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, 6 (8), 1459-68

Unraveling Assembly of Stream Biofilm Communities

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Unraveling Assembly of Stream Biofilm Communities

Katharina Besemer et al. ISME J.

Abstract

Microbial biofilms assemble from cells that attach to a surface, where they develop into matrix-enclosed communities. Mechanistic insights into community assembly are crucial to better understand the functioning of natural biofilms, which drive key ecosystem processes in numerous aquatic habitats. We studied the role of the suspended microbial community as the source of the biofilm community in three streams using terminal-restriction fragment length polymorphism and 454 pyrosequencing of the 16S ribosomal RNA (rRNA) and the 16S rRNA gene (as a measure for the active and the bulk community, respectively). Diversity was consistently lower in the biofilm communities than in the suspended stream water communities. We propose that the higher diversity in the suspended communities is supported by continuous inflow from various sources within the catchment. Community composition clearly differed between biofilms and suspended communities, whereas biofilm communities were similar in all three streams. This suggests that biofilm assembly did not simply reflect differences in the source communities, but that certain microbial groups from the source community proliferate in the biofilm. We compared the biofilm communities with random samples of the respective community suspended in the stream water. This analysis confirmed that stochastic dispersal from the source community was unlikely to shape the observed community composition of the biofilms, in support of species sorting as a major biofilm assembly mechanism. Bulk and active populations generated comparable patterns of community composition in the biofilms and the suspended communities, which suggests similar assembly controls on these populations.

Figures

Figure 1
Figure 1
nMDS analysis of the microbial community compositions estimated by T-RFLP (a, b) and 454 pyrosequencing (c, d), calculated from the presence/absence-based Sørensen index (a, c) and the abundance-based Horn index (b, d). Kruskal's standardized stress values (S) below 0.2 indicated acceptable representation of the calculated similarities. Circles represent the bulk (16S rRNA gene based), crosses the active (16S rRNA-based) community compositions, brown the biofilm community humic stream, orange the biofilm community outflow stream, red the biofilm community confluence stream, green the suspended community humic stream, blue the suspended community outflow stream and turquoise the suspended community confluence stream.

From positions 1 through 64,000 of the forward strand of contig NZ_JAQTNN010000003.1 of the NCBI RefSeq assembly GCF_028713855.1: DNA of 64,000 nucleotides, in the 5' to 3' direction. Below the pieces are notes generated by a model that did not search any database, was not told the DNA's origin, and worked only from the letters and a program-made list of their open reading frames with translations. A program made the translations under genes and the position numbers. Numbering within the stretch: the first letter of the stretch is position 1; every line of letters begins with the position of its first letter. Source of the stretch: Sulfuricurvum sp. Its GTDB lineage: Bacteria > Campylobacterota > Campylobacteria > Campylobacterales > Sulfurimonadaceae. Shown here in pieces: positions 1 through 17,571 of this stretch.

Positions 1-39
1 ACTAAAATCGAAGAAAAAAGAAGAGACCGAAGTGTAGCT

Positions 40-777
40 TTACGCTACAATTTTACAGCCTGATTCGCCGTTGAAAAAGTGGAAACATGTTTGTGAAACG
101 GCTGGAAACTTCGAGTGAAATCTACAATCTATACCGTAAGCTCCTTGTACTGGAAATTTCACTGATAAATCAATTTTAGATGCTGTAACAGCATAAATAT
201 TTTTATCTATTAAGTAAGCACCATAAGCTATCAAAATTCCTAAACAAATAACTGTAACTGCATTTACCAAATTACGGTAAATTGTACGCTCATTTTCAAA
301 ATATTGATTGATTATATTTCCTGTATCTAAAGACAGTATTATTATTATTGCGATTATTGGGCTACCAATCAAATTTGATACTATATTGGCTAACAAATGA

Figure 2
Figure 2
nMDS analysis visualizing the results of a random sampling procedure to estimate the probability that the biofilm communities represented random samples of their respective suspended source communities. A total of 1000 random subsamples of the suspended communities were assembled for each sample pair. White circles represent the random subsamples of the suspended communities, red triangle the biofilm community and blue cube the suspended community; humic stream (a, b), outflow stream (c, d), confluence stream (e, f), bulk (a, c, e) and active (b, d, f) communities.
Figure 3
Figure 3
Microbial diversity in biofilm and suspended community, as estimated by T-RFLP (a) and 454 pyrosequencing (b), calculated as richness and the number equivalents of the Shannon entropy. A threshold of 0.2% contribution to the community was applied to the 454 pyrosequencing data to compare results from 454 pyrosequencing with T-RFLP analysis (c). con, confluence stream; hum, humic stream; out, outflow stream. Cross-hatched bars represent the biofilm community, solid bars the suspended community, green bars the bulk community and blue bars the active community.
Figure 4
Figure 4
Rank-abundance curves of biofilm and suspended communities for relative abundances obtained from 454 pyrosequencing data. Curves are displayed in log–log scale for clarity. Colors are same as in Figure 1.
Figure 5
Figure 5
‘True diversity' estimates (medians with 95% confidence interval) for the biofilm and suspended communities, calculated by fitting Sichel distribution curves to the abundance distributions obtained from the 454 pyrosequencing data. Colors are same as in Figure 1.
Figure 6
Figure 6
Relative abundances of the most important phylogenetic classes in the biofilm and suspended communities. Each pie chart represents the pooled data from all the three investigated streams.

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